By Vince Bodiford, The Cheyenne Post
Cheyenne-based Big Boy No. 4014 returns home next Tuesday, Sept. 7 from a month-long tour of the nation.
Led by Ed Dickens, the Union Pacific Heritage Steam program’s showpiece is the massive locomotive that concluded its restoration in 2019 with a tour that marked the 150th anniversary of the completion of the transcontinental railroad, which became known as the “overland route” which linked the nation.
The steam locomotive, and its consist of about fifteen support and vintage railcars, is expected to arrive at the Steam Shop in Cheyenne at about 1:45 p.m. next Tuesday. It should be visible on track on the east end of town starting at about 1:00 p.m, arriving from Greeley, Co., its last official stop before arriving home in Cheyenne.
Right now, Big Boy is making its way across Kansas, and is expected to arrive at Union Station in Denver on Monday.
Ed Dickens runs the Steam Shop and the UP’s Heritage program, and he is usually found in the engineer’s seat on Big Boy while it is under way. Ed provided exclusive comments to The Cheyenne Post about the 2021 tour:
Speaking about the 2021 tour in general, Dickens said, “It’s been excellent. Our collaboration with our colleagues across the Union Pacific has ensured that we’re consistently running on time, much to the delight of the huge crowds that have greeted us everywhere we’ve been.”
The completely rebuilt vintage steam engine has been running great during this tour. Dickens said, “Number 4014 has performed outstandingly throughout the trip. All of the long hours we put into its restoration and continuing maintenance are paying off. It’s running great, but we’re always looking for ways to make it run more efficiently and flexible from a logistics perspective.”
Dickens and his team converted the Big Boy from coal fuel to oil fuel, which helps make the engine run cleaner and more efficiently. This is the first major tour since that conversion to cleaner burning oil fuel. Due to the restoration, No. 4014 is likely in better condition now then when it was new. It’s also been upgraded with all modern railroad electronics, including Positive Train Control (PTC), Cab Signaling, communications, and more.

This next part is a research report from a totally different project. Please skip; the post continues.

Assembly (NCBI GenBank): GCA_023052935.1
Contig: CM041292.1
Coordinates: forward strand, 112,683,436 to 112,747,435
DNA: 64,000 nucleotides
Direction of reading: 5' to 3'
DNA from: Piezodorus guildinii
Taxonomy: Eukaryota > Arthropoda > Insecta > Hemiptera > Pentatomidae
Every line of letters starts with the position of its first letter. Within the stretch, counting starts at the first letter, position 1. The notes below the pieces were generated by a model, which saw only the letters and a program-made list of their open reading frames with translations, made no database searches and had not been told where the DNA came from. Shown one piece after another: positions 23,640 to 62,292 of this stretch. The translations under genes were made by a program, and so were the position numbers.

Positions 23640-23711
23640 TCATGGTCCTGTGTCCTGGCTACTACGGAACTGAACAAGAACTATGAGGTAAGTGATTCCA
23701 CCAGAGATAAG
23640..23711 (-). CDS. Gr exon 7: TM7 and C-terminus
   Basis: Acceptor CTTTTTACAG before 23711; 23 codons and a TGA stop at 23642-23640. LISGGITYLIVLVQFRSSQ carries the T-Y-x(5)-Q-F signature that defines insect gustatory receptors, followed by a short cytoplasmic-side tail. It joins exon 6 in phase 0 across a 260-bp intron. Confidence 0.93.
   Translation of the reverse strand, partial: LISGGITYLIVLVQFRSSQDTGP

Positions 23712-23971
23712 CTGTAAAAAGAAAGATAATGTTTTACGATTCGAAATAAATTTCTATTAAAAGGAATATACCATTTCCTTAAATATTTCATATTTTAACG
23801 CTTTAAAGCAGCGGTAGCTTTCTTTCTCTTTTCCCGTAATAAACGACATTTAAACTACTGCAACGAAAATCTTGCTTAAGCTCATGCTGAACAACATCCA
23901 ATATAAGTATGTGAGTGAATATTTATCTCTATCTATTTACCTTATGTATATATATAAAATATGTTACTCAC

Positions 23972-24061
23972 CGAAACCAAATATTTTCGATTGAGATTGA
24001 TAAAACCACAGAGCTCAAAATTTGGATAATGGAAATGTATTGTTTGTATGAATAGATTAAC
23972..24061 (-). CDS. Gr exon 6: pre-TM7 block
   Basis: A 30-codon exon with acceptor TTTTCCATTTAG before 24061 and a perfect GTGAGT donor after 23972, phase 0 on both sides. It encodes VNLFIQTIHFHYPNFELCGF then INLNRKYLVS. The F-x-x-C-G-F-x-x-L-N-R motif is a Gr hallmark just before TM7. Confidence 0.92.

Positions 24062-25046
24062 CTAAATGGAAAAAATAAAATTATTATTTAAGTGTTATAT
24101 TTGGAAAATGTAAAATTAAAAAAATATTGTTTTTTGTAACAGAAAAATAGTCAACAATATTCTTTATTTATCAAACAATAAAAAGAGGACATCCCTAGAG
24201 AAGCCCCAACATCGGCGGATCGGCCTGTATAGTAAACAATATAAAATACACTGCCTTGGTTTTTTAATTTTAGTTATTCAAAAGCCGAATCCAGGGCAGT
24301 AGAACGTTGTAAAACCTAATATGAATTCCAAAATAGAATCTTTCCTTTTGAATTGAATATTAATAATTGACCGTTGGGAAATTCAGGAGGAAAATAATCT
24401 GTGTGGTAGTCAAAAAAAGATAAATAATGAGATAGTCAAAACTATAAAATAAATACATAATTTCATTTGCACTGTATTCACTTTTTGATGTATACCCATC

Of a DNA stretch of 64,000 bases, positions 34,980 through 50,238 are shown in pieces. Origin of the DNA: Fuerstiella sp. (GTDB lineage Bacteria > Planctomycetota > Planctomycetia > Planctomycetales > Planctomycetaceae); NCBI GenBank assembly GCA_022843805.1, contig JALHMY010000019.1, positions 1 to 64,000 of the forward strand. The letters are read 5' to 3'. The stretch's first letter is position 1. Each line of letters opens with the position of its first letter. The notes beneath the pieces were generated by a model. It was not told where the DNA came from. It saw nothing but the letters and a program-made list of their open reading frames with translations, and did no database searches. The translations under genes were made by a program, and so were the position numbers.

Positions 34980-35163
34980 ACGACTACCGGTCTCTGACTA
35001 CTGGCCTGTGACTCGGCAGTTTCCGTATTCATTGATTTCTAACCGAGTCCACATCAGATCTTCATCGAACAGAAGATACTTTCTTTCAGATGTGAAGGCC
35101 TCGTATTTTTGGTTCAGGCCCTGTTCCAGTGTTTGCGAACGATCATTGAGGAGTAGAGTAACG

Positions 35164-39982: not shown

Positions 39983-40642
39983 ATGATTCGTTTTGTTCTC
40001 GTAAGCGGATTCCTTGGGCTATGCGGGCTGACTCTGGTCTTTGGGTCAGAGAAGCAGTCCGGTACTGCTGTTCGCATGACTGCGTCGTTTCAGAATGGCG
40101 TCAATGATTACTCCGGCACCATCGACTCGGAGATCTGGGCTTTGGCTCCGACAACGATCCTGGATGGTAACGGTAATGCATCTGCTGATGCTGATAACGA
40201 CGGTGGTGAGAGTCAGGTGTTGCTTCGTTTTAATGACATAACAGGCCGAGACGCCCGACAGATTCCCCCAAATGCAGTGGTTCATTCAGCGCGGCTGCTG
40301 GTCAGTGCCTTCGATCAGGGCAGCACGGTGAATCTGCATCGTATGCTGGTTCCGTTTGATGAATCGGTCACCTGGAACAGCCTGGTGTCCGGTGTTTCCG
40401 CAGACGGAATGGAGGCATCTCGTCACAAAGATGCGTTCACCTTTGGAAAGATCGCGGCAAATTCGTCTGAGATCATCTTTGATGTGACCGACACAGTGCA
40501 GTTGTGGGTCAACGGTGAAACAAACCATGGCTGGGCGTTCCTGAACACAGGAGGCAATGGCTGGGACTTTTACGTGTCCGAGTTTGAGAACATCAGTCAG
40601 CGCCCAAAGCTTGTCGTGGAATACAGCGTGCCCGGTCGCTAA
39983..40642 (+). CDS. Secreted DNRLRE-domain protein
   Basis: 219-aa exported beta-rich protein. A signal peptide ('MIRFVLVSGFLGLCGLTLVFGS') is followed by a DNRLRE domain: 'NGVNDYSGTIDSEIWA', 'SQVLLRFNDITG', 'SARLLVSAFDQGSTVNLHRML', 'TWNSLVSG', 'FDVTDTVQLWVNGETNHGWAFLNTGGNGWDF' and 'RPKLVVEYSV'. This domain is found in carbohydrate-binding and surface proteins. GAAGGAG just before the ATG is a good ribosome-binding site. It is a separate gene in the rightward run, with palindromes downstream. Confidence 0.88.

The world knows that Cheyenne is home to Big Boy – and Dickens said that it “absolutely does” help increase awareness of Cheyenne as a railfan and tourist destination. “ In every city and town we visit, we introduce the Big Boy to new railfans who can’t get enough of it.”
Ed Dickens said that when the tour concludes in Cheyenne next Tuesday, the UP steam crew will have put 3,800 miles of track behind them. And they are anxious to get home. He said, “It’s time to reconnect with our families after spending the last few weeks 100% dedicated to our steam program.”
Big Boy made whistlestops in more than 90 communities and one-day public display events in five major cities: Fort Worth and Houston, Texas; New Orleans, Louisiana; St. Louis, Missouri; and Denver, Colorado.
Twenty-five Big Boys were built exclusively for Union Pacific Railroad, the first of which was delivered in 1941. The locomotives were 132 feet long and weighed 1.2 million pounds. Because of their great length, the frames of the Big Boys were “hinged,” or articulated, to allow them to negotiate curves. They had a 4-8-8-4 wheel arrangement, which meant they had four wheels on the leading set of “pilot” wheels which guided the engine, eight drivers, another set of eight drivers, and four wheels following which supported the rear of the locomotive.
The massive engines normally operated between Ogden, Utah, and Cheyenne, Wyo. There are seven Big Boys on public display in various cities around the country. They can be found in St. Louis, Missouri; Dallas, Texas; Omaha, Nebraska; Denver, Colorado; Scranton, Pennsylvania; Green Bay, Wisconsin; and Cheyenne, Wyoming.
Big Boy No. 4014 was delivered to Union Pacific in December 1941. The locomotive was retired in December 1961, having traveled 1,031,205 miles in its 20 years in service. Union Pacific reacquired No. 4014 from the RailGiants Museum in Pomona, California, in 2013, and relocated it back to Cheyenne to begin a multi-year restoration process. It returned to service in May 2019.